You can easily find data for last 20 years on NSE’s or BSE’s website. Similar to that in previous post, a comparison of 5 years compounded annual growth rate (5Y-CAGR) was made against the index’s distance from 200DMA.
200 Day Moving Average Returns 5 Year
Correlation | Investing based on 200DMA & 5 Year Returns (CAGR)
The blue portion indicates index’s level (+/-) from its 200DMA. For example, in region marked P, index was trading at levels 20% lower than its 200DMA.
The red portion indicates returns over a 5 year period on CAGR basis.
A few interesting results that can be seen from the graph are –
  • In regions marked P, Q, R, S, & T, the index was trading 20% lower than its 200DMA. And as red graph in these regions indicates, returns have always been in positive territory.
Possible Deduction: Chances of your investments earning a positive return are more if you invest at times when index is trading at a discount of 20% or more to its 200DMA.

  • Region A (i.e. Year 2000-2004) is a possible outlier in this analysis. During this period, India was in long term secular bull market and as evident from the graph, relation between 5Y-CAGR and distance of index from its 200DMA is not evident. Returns continue to be positive even though Distance from 200DMA continuously switches between positive and negative territories.
This 5-Year analysis and a similar 3 year analysis done previously reveal that if an investor is ready to invest in markets trading at large discounts to their 200DMAs, probability of earning positive returns over long terms is quite high.

Though 200DMA is generally considered as a tool to be used by traders, it can very well be a potent tool in the hands of a long term investor who wants to time his entries in the market.

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200 Day Moving Averages Based Investments – 3 Year CAGR

200 Day Moving Average (or 200DMA) is a popular ‘weapon’ found in every technical analyst’s or a trader’s toolbox. And surprisingly, it is one of the very few technical analysis tools that are easily understood by those who don’t respect technical analysis, i.e. even a fundamental analyst understands the importance of 200DMA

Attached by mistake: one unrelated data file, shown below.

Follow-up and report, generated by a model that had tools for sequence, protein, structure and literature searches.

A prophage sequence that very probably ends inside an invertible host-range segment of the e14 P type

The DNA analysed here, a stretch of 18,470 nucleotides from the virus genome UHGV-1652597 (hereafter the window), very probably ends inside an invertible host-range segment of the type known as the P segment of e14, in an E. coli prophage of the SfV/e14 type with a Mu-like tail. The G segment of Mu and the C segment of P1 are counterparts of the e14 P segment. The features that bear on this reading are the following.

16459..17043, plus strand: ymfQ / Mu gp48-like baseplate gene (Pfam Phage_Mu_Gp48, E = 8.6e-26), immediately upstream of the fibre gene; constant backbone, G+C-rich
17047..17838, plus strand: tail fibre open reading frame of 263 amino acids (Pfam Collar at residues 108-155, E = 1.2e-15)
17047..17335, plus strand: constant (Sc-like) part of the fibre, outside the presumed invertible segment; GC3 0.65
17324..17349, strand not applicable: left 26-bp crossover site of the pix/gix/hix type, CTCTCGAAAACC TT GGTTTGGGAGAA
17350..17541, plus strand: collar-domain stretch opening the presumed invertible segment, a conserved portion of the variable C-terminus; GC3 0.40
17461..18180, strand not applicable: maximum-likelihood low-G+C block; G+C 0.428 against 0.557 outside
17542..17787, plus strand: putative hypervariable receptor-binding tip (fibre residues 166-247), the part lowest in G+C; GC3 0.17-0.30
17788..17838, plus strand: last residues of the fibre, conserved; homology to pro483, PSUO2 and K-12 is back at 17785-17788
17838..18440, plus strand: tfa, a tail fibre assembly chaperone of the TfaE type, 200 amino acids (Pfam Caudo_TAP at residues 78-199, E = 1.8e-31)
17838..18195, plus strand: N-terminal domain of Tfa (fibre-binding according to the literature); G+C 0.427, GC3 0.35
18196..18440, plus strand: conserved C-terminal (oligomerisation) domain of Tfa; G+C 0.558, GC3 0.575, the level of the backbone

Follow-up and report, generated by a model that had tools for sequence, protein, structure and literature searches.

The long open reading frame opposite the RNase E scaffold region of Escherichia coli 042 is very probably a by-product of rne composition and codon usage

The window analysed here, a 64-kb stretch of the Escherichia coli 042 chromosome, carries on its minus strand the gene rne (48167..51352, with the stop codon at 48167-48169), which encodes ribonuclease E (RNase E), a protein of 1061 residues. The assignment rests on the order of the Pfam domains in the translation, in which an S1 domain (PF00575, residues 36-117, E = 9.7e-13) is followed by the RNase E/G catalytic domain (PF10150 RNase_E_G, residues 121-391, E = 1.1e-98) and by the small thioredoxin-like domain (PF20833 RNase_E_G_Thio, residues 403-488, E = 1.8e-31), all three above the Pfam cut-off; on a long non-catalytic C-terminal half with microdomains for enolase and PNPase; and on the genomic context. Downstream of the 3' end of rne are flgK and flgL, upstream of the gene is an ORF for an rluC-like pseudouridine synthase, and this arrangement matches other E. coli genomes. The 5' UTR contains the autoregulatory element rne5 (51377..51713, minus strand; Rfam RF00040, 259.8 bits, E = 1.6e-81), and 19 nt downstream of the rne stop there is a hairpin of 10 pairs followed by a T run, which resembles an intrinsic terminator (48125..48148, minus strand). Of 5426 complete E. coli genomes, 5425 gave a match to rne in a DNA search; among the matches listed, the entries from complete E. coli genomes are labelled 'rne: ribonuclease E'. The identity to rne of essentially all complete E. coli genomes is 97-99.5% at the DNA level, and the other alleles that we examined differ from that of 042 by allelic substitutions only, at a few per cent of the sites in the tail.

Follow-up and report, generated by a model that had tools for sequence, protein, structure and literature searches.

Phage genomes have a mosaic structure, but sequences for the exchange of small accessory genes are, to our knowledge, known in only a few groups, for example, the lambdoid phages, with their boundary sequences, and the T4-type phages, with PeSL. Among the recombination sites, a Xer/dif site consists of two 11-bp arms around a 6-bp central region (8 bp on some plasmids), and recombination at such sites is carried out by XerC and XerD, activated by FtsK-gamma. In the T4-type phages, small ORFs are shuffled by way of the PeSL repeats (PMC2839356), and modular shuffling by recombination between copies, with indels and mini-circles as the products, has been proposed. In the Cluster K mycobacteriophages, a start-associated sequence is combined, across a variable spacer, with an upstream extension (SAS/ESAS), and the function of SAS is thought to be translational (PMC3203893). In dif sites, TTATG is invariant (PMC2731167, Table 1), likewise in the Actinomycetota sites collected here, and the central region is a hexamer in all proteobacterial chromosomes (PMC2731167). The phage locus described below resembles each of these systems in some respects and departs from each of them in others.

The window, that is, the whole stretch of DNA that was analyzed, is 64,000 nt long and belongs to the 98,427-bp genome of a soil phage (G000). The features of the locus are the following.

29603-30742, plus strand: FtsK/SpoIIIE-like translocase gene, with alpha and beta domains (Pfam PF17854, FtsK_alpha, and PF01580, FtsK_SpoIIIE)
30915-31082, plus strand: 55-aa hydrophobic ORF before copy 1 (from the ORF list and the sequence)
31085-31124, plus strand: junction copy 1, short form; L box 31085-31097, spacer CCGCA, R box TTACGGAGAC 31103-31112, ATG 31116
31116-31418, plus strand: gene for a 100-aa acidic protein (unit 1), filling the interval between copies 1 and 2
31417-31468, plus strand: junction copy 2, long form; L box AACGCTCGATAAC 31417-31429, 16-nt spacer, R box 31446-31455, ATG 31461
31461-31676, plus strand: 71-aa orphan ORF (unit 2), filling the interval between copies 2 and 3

How To Calculate 200DMA

200DMA is calculated by taking arithmetic mean of all values in consideration (Stock prices, index levels) in last 200 trading sessions (40 weeks). 200DMA is generally used to assess long term trends. Another tool regularly used by traders to assess short term trends is 50DMA. Generally, a stock trading above its 200-day moving average is said to be in an uptrend and is being accumulated; one below it is in a downtrend and is being sold. (Learn how to calculate CAGR)

200DMA & 3 Year Returns

To find out whether there is a correlation between Investing based on 200DMA and returns obtained over a period of 3 years, I analysed Nifty’s data of last 20 years.

A comparison between 3 year CAGR and index’s distance from its 200DMA was made.

200 Day Moving Average 3 Year Returns
Correlation | Investing based on 200DMA & 3 Year Returns (CAGR)
The red portion indicates index’s level (+/-) from its 200DMA. For example, in region marked P, index was trading at level which was 20% lower than its 200DMA. The green portion indicates returns over a 3 year period on CAGR basis.

A few observations from above graph are –
  • Regions marked A, B, C, D & E had Nifty trading at level 20% (+) above its 200DMA. And as green graph shows, returns obtained in all 5 regions have been negative. As of now, discussion on region F is being left out intentionally.
Possible Reason: Chances of your investments earning a negative return are more if you invest at times when index is trading at a premium of 20% or more to its 200DMA.
  • In regions marked P, Q, R, S and T, Nifty has been trading at level 20% (-) below its 200DMA. And as green graph shows, returns obtained in all 5 regions have been positive.
Possible Reason: Chances of your investments earning a positive return are more if you invest at times when index is trading at a discount of 20% or more to its 200DMA.
  • It is assumed here that investor is investing in index as a whole using an index fund or something similar. Similar graph drawn for individual stocks may show different results depending on sector’s business cycles.
  • Region F (i.e. Year 2000-2004) is an outlier in this analysis as during this period, India was in long term secular bull market and as evident from graph, relation between 3Y-CAGR and distance of index from its 200DMA is not evident. Returns continue to be positive even though distance from 200DMA oscillates between positive and negative.
This small but interesting analysis shows that though 200DMA is generally used by traders, it can be a handy tool in hands of a long term investor as well. On broad levels, it actually helps investors understand the general direction of overall markets. 

It is therefore advisable that one should always have a look at a stock’s 200DMA before investing in it.

You can read a similar analysis where 5 year returns were investigated for having a correlation with investments based on moving averages.